Social Media and Feminism: The Good, the Bad and the Ugly
While digital activism is often celebrated as a milestone for the feminist movement, anxiety about new technologies is increasing among communities, driving public opinion in a different direction and playing a major role in influencing women’s body images.
With tremendous technological advancements, social media has become an indispensable part of our modern social life, changing the way people interact with one another. It offers also a solid platform for promoting causes and connecting with supporters, enabling female voices to be heard and represented.
While it is strongly believed that social media has been shaping a non-realistic beauty image for female audiences, one mainly characterized by thinness and sexual appeal; it has played nonetheless a major part in influencing women’s bodily images and redefining beauty standards. In order to further explore this gripping dynamic, for its eighth edition of the WOMENTUM Digital Saloon, LEED Initiative chose to shed light on the portrayal of body image in the digital media society and what it says about feminism.
Social media dimensions transcend to encompass the feminist social movement’s thoughts and beliefs. These new online platforms and media practices of digital and networked media radicalize the landscape of how feminist activists think and fight for gender equality. Indeed, the concept of ‘digital sisterhood’ highlights the complex balance between social media networks, being a central component of female-led activism, and how they should remain complementary as well. Additionally, this emerging concept allows the public to question the different levels of activism. For instance, a common assumption is that in activism, there is a need for digital networking and media technologies in order to compete on the same scales as the opposition, gain recognition and do advertisements.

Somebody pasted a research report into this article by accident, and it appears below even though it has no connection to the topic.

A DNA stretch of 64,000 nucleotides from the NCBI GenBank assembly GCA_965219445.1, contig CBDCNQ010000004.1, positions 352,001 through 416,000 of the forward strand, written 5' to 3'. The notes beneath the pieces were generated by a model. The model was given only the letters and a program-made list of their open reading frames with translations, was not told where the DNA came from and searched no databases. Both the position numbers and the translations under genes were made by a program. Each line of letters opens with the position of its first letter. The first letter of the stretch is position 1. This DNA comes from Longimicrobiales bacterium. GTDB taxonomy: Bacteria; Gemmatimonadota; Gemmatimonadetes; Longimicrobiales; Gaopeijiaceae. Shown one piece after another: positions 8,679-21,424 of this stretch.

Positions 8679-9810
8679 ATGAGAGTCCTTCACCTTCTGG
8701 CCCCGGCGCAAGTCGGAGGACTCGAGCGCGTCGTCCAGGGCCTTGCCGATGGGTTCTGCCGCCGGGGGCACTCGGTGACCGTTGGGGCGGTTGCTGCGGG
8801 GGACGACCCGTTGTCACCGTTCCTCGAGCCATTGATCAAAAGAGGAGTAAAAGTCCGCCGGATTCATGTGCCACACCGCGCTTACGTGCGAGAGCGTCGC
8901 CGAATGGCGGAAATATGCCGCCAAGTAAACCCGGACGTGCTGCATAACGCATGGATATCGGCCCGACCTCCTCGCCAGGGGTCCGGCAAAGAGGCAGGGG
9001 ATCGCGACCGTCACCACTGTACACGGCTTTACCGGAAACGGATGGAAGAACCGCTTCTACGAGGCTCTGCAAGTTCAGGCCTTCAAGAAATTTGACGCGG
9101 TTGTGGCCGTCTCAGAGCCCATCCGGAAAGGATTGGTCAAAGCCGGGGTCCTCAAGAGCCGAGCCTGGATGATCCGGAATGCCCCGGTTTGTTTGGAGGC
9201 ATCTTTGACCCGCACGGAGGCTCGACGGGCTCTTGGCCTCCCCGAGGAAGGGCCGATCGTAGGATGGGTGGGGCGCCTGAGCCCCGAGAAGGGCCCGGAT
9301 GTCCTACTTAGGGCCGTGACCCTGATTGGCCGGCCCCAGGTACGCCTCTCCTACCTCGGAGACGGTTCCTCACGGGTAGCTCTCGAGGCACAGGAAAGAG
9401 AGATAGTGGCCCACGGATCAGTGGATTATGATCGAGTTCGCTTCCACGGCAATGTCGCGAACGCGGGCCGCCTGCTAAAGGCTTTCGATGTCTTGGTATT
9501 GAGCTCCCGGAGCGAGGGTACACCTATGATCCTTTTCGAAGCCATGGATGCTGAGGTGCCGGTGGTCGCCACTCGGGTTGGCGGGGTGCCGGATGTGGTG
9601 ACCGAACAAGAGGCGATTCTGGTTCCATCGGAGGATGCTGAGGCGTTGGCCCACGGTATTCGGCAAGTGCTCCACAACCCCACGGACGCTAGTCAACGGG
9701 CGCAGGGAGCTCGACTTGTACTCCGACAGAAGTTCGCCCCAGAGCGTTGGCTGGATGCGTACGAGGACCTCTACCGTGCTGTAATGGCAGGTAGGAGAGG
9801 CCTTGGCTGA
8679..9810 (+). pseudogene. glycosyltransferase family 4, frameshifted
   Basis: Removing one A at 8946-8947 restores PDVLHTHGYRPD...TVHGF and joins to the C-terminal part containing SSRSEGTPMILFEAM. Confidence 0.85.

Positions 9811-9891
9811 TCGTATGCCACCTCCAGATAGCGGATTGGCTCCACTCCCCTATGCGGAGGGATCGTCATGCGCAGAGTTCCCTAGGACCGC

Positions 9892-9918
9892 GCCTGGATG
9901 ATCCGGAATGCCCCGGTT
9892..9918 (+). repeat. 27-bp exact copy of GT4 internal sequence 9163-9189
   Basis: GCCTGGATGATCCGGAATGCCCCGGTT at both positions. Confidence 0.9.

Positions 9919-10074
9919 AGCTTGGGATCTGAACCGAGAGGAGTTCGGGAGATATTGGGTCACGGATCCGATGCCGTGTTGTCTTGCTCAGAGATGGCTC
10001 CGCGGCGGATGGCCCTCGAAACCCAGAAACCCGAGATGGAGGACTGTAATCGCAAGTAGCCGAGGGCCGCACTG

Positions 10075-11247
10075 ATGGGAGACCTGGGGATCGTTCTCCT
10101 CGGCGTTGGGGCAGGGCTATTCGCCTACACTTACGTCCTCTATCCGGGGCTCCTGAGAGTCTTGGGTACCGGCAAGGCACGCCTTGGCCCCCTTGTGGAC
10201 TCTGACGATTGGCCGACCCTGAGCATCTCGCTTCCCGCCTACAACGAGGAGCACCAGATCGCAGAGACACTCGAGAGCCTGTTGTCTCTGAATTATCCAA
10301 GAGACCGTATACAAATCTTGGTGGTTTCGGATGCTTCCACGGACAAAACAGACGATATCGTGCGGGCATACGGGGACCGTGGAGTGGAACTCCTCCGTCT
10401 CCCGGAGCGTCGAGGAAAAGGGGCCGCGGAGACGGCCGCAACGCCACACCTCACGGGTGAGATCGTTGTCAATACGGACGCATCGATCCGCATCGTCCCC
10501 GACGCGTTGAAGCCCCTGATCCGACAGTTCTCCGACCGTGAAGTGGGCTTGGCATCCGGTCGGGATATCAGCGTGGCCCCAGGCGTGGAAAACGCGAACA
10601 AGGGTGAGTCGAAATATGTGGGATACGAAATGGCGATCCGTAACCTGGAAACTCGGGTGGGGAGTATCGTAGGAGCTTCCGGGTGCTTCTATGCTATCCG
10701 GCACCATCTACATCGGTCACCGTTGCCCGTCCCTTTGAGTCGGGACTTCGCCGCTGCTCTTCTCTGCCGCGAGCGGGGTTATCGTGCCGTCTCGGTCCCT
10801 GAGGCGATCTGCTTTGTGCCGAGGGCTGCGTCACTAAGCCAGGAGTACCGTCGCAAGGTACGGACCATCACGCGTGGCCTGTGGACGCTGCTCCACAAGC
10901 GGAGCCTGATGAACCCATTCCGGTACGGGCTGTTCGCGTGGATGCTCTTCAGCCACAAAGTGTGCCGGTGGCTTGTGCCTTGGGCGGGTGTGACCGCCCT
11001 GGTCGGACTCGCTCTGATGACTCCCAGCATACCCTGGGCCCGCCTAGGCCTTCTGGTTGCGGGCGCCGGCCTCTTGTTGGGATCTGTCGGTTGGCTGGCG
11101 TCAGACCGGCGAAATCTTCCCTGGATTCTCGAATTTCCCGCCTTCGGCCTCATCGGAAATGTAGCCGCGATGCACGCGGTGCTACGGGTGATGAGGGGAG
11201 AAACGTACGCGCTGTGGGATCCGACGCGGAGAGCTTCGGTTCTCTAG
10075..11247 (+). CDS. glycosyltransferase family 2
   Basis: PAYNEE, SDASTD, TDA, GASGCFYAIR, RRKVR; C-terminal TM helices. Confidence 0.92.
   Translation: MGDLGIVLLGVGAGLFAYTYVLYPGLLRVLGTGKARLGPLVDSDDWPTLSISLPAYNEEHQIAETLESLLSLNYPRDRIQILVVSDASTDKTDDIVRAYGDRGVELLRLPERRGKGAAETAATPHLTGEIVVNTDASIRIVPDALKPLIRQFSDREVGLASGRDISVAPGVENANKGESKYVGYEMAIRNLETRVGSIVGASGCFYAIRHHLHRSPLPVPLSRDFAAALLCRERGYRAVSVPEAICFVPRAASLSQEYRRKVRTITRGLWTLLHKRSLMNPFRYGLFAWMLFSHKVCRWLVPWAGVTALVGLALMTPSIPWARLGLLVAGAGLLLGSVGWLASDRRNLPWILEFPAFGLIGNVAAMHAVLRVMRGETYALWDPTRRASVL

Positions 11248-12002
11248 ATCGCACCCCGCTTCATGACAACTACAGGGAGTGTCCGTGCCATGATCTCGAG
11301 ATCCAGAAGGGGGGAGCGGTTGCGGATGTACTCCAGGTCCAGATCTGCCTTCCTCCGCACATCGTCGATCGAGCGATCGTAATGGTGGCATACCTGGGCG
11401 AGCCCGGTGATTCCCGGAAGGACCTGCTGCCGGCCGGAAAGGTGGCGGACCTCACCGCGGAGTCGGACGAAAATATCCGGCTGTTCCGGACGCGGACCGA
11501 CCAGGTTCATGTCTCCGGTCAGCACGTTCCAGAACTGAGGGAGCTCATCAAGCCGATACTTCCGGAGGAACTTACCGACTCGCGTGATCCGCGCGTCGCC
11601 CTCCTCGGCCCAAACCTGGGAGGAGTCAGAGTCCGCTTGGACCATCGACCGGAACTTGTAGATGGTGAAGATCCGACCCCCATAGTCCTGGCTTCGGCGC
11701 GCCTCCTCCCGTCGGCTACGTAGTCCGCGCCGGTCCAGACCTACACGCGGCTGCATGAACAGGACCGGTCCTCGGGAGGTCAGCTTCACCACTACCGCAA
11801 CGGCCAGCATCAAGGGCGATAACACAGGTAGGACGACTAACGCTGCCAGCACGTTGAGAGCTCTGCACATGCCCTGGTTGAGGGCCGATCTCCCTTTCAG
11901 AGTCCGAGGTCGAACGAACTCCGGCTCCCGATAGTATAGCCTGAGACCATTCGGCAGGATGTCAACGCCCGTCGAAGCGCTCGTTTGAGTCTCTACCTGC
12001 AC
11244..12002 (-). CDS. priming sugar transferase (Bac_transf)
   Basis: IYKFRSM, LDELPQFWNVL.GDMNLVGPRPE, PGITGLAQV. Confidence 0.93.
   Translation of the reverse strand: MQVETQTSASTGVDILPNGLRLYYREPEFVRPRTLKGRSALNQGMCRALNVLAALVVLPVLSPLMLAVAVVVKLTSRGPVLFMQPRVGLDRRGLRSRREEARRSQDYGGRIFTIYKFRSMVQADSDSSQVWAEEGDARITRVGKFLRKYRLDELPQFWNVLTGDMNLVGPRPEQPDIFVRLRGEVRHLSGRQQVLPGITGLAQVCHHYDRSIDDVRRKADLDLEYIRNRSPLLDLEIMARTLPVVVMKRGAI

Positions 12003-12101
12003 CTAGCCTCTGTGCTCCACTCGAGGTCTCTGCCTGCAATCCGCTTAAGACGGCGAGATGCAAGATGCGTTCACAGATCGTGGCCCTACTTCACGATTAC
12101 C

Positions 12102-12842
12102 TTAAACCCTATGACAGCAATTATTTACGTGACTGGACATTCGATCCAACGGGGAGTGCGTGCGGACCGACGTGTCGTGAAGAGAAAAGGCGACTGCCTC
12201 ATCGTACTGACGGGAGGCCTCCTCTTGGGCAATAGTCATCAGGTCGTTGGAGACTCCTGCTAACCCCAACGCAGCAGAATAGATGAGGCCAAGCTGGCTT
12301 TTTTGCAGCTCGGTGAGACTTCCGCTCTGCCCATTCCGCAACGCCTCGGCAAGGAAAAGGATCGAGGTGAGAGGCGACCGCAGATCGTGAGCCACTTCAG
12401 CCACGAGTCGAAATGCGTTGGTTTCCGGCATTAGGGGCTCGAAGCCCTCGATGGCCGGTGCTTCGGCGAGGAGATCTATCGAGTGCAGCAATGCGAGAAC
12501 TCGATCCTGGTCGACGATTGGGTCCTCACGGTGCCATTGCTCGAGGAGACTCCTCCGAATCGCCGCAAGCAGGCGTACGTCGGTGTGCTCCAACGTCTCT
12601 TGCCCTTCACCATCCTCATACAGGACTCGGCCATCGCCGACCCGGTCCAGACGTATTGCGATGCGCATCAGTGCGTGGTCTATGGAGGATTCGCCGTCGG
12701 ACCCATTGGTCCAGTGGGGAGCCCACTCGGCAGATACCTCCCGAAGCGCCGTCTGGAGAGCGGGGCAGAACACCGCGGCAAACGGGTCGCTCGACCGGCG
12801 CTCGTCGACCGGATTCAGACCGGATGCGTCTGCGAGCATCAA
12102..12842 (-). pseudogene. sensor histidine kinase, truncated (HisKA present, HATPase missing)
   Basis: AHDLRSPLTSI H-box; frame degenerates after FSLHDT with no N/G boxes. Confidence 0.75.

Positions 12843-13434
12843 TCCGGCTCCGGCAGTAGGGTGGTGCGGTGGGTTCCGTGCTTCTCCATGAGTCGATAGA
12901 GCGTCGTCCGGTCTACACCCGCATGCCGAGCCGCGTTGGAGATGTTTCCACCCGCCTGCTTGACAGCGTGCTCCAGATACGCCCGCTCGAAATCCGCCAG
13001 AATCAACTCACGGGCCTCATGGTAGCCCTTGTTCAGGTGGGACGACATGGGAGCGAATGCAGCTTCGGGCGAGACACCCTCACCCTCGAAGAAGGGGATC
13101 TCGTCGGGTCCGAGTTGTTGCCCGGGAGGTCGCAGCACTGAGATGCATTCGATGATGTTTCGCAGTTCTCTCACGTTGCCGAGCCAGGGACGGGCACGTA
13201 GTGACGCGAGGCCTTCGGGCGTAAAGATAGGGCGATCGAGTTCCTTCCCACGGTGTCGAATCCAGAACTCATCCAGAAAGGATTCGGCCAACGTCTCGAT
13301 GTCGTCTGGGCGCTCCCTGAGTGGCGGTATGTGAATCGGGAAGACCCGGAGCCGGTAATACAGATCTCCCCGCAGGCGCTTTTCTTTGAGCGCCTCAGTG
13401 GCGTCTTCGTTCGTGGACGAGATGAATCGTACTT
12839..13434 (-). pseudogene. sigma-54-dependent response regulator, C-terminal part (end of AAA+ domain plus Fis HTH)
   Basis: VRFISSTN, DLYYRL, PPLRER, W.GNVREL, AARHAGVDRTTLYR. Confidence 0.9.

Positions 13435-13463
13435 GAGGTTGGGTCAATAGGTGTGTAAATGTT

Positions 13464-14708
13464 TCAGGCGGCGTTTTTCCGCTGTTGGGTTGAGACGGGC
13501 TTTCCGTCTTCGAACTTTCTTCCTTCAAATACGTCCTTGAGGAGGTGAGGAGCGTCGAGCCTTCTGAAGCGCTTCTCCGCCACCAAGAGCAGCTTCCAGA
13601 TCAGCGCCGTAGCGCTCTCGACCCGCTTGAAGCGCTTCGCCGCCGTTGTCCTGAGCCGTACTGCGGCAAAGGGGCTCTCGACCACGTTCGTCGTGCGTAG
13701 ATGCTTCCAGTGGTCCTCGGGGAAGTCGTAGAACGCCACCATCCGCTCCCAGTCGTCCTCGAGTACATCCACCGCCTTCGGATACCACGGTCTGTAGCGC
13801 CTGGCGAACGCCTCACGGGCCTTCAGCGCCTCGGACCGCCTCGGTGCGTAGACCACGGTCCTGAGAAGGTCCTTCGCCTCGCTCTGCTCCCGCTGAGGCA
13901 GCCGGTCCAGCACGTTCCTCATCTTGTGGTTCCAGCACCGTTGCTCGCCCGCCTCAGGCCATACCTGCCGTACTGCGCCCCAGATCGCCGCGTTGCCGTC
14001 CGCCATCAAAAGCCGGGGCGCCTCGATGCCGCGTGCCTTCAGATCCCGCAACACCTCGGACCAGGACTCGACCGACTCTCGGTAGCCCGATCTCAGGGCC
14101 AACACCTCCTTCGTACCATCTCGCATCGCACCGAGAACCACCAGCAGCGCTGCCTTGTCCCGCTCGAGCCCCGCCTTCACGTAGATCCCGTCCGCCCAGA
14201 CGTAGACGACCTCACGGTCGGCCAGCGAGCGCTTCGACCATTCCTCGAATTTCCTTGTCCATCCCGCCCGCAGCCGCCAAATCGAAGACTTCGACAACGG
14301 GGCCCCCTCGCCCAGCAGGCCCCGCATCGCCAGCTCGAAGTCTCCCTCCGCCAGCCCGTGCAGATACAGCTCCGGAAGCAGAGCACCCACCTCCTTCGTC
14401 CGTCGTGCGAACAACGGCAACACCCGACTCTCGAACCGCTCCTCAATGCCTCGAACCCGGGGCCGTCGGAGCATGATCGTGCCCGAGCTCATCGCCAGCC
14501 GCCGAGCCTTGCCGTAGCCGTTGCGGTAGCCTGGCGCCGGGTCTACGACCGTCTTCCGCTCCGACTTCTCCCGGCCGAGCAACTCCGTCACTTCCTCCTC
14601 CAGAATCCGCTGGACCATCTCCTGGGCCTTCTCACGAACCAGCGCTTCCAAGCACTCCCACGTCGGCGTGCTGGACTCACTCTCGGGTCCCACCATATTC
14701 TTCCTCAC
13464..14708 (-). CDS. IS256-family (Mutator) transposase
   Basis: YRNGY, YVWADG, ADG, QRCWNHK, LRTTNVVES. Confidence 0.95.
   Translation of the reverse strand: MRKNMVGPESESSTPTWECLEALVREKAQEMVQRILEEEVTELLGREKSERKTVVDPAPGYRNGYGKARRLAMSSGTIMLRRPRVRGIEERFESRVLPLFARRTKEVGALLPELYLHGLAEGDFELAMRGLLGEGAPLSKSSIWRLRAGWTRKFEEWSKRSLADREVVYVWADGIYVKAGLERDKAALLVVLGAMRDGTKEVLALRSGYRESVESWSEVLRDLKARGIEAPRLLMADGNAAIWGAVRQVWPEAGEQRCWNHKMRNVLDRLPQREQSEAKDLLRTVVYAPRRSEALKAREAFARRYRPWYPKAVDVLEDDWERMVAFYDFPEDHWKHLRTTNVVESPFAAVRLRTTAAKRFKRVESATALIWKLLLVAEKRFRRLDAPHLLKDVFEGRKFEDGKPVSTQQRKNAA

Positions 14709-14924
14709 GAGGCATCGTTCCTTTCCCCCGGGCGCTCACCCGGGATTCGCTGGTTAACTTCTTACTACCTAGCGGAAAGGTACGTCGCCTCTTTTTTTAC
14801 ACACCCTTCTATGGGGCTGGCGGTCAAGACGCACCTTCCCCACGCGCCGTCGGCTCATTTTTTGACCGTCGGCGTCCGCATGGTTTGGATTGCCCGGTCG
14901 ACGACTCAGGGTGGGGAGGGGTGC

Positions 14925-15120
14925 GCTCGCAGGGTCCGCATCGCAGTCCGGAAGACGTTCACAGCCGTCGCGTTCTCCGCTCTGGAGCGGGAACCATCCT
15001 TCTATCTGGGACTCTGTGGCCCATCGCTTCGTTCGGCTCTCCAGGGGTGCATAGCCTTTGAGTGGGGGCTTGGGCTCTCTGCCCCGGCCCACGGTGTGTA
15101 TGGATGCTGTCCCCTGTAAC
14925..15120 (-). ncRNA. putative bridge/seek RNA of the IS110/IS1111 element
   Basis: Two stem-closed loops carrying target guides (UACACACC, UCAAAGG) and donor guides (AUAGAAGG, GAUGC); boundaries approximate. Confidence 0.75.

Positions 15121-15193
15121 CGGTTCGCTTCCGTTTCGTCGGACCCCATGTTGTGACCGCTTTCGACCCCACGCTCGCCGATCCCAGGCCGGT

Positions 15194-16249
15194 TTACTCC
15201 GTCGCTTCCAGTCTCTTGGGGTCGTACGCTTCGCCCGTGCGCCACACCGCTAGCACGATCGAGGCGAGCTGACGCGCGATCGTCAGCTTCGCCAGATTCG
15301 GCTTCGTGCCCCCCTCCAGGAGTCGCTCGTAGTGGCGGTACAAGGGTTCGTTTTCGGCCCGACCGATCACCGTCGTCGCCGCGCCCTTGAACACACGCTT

An Investigation of the Portrayal of Women’s Body Image in the Media through Feminist Lenses
Even though the media’s portrayal of women focuses largely on spreading awareness about body positivity and advancing feminist efforts in advocating for gender equality; however, it falls in the trap of redefining and remodeling beauty standards. Being centered around visuals and aesthetics, body image in the media is often portrayed in a way that generates poor self-esteem and perceptions of young girls and women about how someone must look like. At the other end of the spectrum, feminist activists vehemently work to dismantle these unrealistic standards set by media outlets. Their approach is to value women’s body image in its authentic state as they truly believe that the integration of unhealthy methods to fit certain beauty standards tends to objectify women. Thus, they espouse body positivity approaches, working to challenge unrealistic perceptions and social requirements so as to ensure that women feel good in their own skin.
Furthermore, public display of the ideal female body standards on the social image can be a trigger for some women as they tend to blindly follow extreme trends and aesthetic procedures, putting their physical and mental health at risk. As a matter of fact, Instagram, the most popular platform for both millennials and Gen Z, is a great example to showcase the role social media outlets play in reinforcing certain norms and setting new standards for women and girls to “fit in” and not be an outcast. As the most popular platform for both millennials and Gen Z, statistics revealed that 60 million pictures are being shared per day on Instagram.
Social media usage is proven to have a negative impact on young women’s self-image, leading to self-objectification. Put differently, both women and girls are acculturated to internalize a third person’s perception of their bodies, resulting in body monitoring and putting a big emphasis on how they look rather than how they feel. Other implications of self-objectification include physiological and experimental consequences; namely, increased feelings of anxiety and shame and reduced mindfulness, and risks for disordered eating.
In conclusion, with these socially constructed norms and beauty standards meticulously formed under the umbrella of social media and the rise of influencers; the conventional ideology of what is agreed upon as beautiful is still deeply clamped in social media, resulting in the absence of "female consciousness".